Bristol-Myers, Nordic to Collaborate on Development of Fibrosis Disease Biomarkers

Bristol-Myers, Nordic to Collaborate on Development of Fibrosis Disease Biomarkers

Bristol-Myers Squibb and Nordic Bioscience will collaborate on the development of biomarkers that can help diagnose and keep tabs on the status of fibrotic diseases like pulmonary fibrosis (PF).

A biomarker is a molecule that can be used to diagnose a disease or predict its progression by indicating its response to a therapy.

“Addressing the significant need for better diagnostic and monitoring tools in fibrotic diseases is a key element of Bristol-Myers Squibb’s fibrosis strategy to help patients suffering from these debilitating conditions,” Mike Burgess, head of Cardiovascular, Fibrosis and Immunoscience Development at Bristol-Myers Squibb, said in a press release.

“We continue to invest in innovative approaches to develop more precise methods to diagnose disease and monitor progression and we are pleased to partner with Nordic Bioscience and leverage their vast experience in biomarker development.” Burgess added.

Under the agreement, the companies will also work together to develop translational biomarkers and diagnostics for the evaluation of the fibrotic condition non-alcoholic steatohepatitis. That condition, also known as NASH, inflames and damages the liver.

A hallmark of fibrotic diseases, including pulmonary fibrosis and NASH, is tissue scarring, or fibrosis. Another hallmark is overproduction of collagen protein as a response to tissue damage.

Fibrosis, which is considered irreversible, is usually treated with anti-inflammatory and immunosuppressive agents. These approaches have proven less than successful in many patients –and, in fact, have harmed some.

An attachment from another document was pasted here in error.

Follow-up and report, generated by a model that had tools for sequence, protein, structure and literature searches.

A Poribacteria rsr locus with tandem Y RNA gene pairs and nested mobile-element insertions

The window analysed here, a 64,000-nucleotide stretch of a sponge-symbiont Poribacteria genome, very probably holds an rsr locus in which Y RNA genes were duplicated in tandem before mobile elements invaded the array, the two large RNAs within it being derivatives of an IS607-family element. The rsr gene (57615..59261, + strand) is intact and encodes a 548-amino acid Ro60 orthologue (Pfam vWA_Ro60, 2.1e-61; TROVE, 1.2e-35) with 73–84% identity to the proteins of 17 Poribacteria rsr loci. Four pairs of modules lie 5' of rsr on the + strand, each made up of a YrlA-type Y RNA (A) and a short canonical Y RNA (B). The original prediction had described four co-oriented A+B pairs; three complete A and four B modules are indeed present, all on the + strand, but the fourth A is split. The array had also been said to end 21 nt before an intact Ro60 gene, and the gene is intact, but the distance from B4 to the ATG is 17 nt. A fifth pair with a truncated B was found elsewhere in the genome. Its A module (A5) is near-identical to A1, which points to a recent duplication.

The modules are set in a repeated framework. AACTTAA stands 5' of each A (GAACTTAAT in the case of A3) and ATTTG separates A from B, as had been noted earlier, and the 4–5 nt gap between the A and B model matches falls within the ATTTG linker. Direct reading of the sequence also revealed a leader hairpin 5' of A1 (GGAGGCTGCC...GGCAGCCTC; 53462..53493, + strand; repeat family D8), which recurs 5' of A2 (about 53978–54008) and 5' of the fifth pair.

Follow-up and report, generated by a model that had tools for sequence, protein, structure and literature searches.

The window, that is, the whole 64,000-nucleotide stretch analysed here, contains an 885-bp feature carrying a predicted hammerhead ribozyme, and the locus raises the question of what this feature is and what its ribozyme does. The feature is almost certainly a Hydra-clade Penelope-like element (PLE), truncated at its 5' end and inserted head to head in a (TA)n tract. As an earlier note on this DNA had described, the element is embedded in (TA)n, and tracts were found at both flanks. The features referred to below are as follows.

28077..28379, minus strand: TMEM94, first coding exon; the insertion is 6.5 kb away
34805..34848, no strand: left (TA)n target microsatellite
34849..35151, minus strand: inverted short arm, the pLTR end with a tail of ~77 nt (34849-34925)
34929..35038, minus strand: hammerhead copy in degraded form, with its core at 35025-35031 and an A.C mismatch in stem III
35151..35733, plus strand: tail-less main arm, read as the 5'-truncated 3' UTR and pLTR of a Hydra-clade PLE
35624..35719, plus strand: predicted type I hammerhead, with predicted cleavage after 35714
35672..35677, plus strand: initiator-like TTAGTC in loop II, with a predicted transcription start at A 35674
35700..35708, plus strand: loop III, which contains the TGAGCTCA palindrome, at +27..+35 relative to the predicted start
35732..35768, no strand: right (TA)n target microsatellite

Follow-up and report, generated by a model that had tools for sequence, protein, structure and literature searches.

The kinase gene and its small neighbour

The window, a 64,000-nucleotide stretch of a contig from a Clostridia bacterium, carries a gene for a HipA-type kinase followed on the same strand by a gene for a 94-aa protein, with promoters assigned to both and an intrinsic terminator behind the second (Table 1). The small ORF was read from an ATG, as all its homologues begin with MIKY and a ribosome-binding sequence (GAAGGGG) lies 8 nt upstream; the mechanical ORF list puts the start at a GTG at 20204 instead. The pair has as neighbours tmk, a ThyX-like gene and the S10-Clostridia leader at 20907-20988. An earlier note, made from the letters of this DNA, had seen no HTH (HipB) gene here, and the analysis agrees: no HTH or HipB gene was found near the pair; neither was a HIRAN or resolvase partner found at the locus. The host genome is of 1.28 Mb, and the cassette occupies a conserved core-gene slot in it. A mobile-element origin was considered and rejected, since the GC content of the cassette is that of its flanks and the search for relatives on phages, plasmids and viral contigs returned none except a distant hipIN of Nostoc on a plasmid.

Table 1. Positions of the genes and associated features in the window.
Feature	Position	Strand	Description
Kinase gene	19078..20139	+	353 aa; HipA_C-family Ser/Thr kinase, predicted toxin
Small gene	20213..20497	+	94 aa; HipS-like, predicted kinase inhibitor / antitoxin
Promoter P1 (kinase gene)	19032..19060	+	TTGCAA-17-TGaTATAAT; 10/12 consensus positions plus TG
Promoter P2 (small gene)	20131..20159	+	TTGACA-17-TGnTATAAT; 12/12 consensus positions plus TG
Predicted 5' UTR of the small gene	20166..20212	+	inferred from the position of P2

Bristol-Meyers and Nordic researchers hope to develop anti-fibrotic agents that can actually halt the pathologic processes of the diseases.

Nordic Bioscience is a Danish company that develops biomarker technology. It is working on using collagens and two other categories of proteins — elastins and laminins — as biomarkers of extracellular matrix activity. The extracellular matrix consists of material that cells secrete to fill spaces between themselves and other cells.

Nordic Bioscience developed the C-terminal telopeptide (CTX), a non-invasive biomarker that identifies osteoporosis patients with a high rate of bone loss. CTX can be used to assess response to osteoporosis therapy as well.

“Nordic Bioscience is very proud to enter into this collaboration which will benefit the fibrosis field by advancing the research in fibrosis biomarkers for the benefit of patients,” said Morten Karsdal, its chief executive officer.

 

 

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